It took Lynch and his writing/production partner Mark Frost so long to reveal Laura’s killer that many viewers dropped out, and Twin Peaks was cancelled in its second season. The continuing story of Laura, Cooper, the town, and its denizens remained an energy-generating locus in Lynch’s mind, so in September of 1991 he and his cast and crew returned to the Snoqualmie Valley to shoot the theatrical film Twin Peaks: Fire Walk With Me. (This blog’s author, in stealth mode, witnessed much of the filming, as recounted in his book David Lynch: Beautiful Dark). The filmmakers expected the typical Northwest gloomy chill, but were met with a golden eighty-degree Indian Summer. Lynch believes that “things happen when they’re supposed to,” and he embraces artistic accidents. So since this prequel film would focus on Laura Palmer’s days and nights leading up to her death, he saw the unexpected death-of-summer atmosphere as a perfect fit.
Lynch is very much a hands-on creator, but for part of the TV Twin Peaks run he was away making his film Wild at Heart (1990), and when he resumed production he didn’t like the way the show had meandered away from its essence. So Fire Walk With Me is the intimate, direct-experience (rather than TV’s alluded-to) story of Laura and those she loves and fears. She’s a vital young woman who chooses/is chosen by the shadow side of life, a schoolgirl of the sorrows, but with delivering angels hovering near. For, though no one can convey the terrible power and beauty of darkness like Lynch, he believes in the white-light grace of transcendence. Sheryl Lee’s stunningly committed performance as Laura can make you feel that the order of the universe is at stake. In addition to the TV Twin Peaks’ fine cast (including the late, great Catherine E. Coulson as The Log Lady and Lynch himself as FBI Inspector Gordon Cole), Fire Walk With Me features Keifer Sutherland, Chris Isaak, and a tall, thin gentleman named David Bowie.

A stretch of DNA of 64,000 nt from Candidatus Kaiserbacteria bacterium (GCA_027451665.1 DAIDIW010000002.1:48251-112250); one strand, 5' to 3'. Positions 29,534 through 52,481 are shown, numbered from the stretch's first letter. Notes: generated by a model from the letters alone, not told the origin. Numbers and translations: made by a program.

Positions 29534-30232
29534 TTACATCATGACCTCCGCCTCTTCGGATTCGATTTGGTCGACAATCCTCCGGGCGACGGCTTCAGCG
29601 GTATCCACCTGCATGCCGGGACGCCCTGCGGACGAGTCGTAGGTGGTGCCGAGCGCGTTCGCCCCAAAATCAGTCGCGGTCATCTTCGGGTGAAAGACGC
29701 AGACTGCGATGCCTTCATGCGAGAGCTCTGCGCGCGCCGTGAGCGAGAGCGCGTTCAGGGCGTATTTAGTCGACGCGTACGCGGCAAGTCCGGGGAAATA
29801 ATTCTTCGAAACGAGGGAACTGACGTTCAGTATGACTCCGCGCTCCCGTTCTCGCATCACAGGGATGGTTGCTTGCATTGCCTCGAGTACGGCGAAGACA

Throughout the TV run of Twin Peaks, Lynch’s hypnotic narrative bent time and space, and made dreams invade reality. So, though Fire Walk With Me precedes Laura’s death, it also follows it; it’s a prequel and a sequel—and a bridge to the future. For the third time in twenty-seven years Lynch has brought his continuing story and cameras to the Northwest: the new incarnation of Twin Peaks will air on Showtime cable in 2017.
Get in the Twin Peaks mood with our Fire Walk With Me screening. The trees are green, the coffee’s black, the Red Room is as mysterious as a blue rose, and shades of good and evil color the night. Get your ticket today.